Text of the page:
Felix Martin explores the question of Russian capital flight to London.

Violent response: a woman demonstrating against the Soma mining disaster flees riot police tear gas, 22 May. Photo: Getty
When safety gets privatised: Soma marks a new low for the Turkish government
By Alev Scott - 29 May 10:00

Despite Erdogan’s claims that the disaster was on a par with any other international mining accident in the world since 1862, Turkey’s rate of mining deaths is shocking. 

What happens to your town once a far-right party comes to power?
By Philip and James Kleinfeld - 27 May 15:05

In March’s local elections, the French far-right party the Front National took control of new towns in the rust-belts of the north and south. What has changed there since they came to power?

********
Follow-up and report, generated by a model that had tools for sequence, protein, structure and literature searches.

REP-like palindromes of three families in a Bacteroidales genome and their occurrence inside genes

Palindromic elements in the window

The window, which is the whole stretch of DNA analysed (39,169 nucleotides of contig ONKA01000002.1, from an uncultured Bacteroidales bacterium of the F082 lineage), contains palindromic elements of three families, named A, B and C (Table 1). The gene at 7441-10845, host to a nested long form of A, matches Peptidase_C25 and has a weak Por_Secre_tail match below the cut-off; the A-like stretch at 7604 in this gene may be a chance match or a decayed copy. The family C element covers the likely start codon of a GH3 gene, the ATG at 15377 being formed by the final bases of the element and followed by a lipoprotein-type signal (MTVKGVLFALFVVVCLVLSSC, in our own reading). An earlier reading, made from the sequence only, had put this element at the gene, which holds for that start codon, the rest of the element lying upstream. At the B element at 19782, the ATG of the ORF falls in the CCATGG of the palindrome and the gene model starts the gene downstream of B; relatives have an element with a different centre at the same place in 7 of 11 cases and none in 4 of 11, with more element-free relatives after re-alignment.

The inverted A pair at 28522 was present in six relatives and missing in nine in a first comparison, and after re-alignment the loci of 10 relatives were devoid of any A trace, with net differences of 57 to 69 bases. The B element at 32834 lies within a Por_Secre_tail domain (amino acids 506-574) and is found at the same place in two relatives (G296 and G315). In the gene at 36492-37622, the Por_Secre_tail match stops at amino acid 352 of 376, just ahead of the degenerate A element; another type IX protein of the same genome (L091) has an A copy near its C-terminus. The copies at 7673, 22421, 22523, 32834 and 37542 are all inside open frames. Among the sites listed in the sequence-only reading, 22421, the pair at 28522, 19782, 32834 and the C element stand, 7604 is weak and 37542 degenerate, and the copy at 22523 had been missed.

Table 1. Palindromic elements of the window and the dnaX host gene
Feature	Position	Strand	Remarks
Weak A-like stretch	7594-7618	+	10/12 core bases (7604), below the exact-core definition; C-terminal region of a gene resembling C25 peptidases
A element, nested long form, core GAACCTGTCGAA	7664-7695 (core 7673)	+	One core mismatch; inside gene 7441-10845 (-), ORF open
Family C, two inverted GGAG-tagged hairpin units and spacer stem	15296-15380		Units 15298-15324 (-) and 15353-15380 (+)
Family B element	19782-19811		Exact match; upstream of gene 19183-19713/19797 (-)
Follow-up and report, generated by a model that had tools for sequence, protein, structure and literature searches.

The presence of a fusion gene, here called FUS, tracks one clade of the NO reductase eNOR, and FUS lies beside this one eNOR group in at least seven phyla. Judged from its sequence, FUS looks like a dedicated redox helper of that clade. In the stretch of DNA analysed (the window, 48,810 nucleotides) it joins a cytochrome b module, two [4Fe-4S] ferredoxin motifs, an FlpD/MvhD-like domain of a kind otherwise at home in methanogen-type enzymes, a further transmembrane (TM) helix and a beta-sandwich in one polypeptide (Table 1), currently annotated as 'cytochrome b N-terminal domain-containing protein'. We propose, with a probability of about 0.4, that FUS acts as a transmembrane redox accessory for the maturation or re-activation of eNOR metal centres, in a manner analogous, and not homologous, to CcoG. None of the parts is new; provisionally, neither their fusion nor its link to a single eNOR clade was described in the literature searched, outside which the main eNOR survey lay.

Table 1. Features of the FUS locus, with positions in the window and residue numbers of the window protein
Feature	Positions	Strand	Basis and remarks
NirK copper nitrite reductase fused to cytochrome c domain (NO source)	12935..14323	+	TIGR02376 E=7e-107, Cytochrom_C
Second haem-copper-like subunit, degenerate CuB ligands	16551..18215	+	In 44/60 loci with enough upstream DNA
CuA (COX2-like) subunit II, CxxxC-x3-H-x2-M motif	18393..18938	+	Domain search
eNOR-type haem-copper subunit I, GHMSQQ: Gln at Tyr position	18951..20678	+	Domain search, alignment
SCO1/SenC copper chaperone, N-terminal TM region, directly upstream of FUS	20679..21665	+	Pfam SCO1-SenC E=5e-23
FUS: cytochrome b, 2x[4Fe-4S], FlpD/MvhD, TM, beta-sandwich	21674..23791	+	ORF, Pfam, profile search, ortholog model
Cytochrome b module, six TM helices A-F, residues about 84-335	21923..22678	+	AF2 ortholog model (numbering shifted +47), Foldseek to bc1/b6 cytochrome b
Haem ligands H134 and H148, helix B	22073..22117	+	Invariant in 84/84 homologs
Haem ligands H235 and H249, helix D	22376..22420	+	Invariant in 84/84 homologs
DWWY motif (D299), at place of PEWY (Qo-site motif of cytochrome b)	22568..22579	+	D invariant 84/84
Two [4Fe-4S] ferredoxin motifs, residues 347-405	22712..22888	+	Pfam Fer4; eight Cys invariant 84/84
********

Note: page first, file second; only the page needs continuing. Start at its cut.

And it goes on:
Marine Le Pen at a press conference after the European election results were announced. Photo: Getty
The Front National’s success in France shows that “protest votes” can no longer be easily dismissed
By Myriam Francois-Cerrah - 27 May 12:46

The party’s success in the European elections marks the end of its time as a marginal voice in French politics.

Why empires fall: from ancient Rome to Putin's Russia
By Tom Holland - 23 May 16:00

Moscow, to western eyes, does not look much like Rome. But if there is any country in the world where the tug of the Roman ideal can be felt, it is Russia.

Activists have defied the ban on women driving in Saudi Arabia by getting behind the wheel. Photo: Getty
Is Saudi Arabia seeking friends?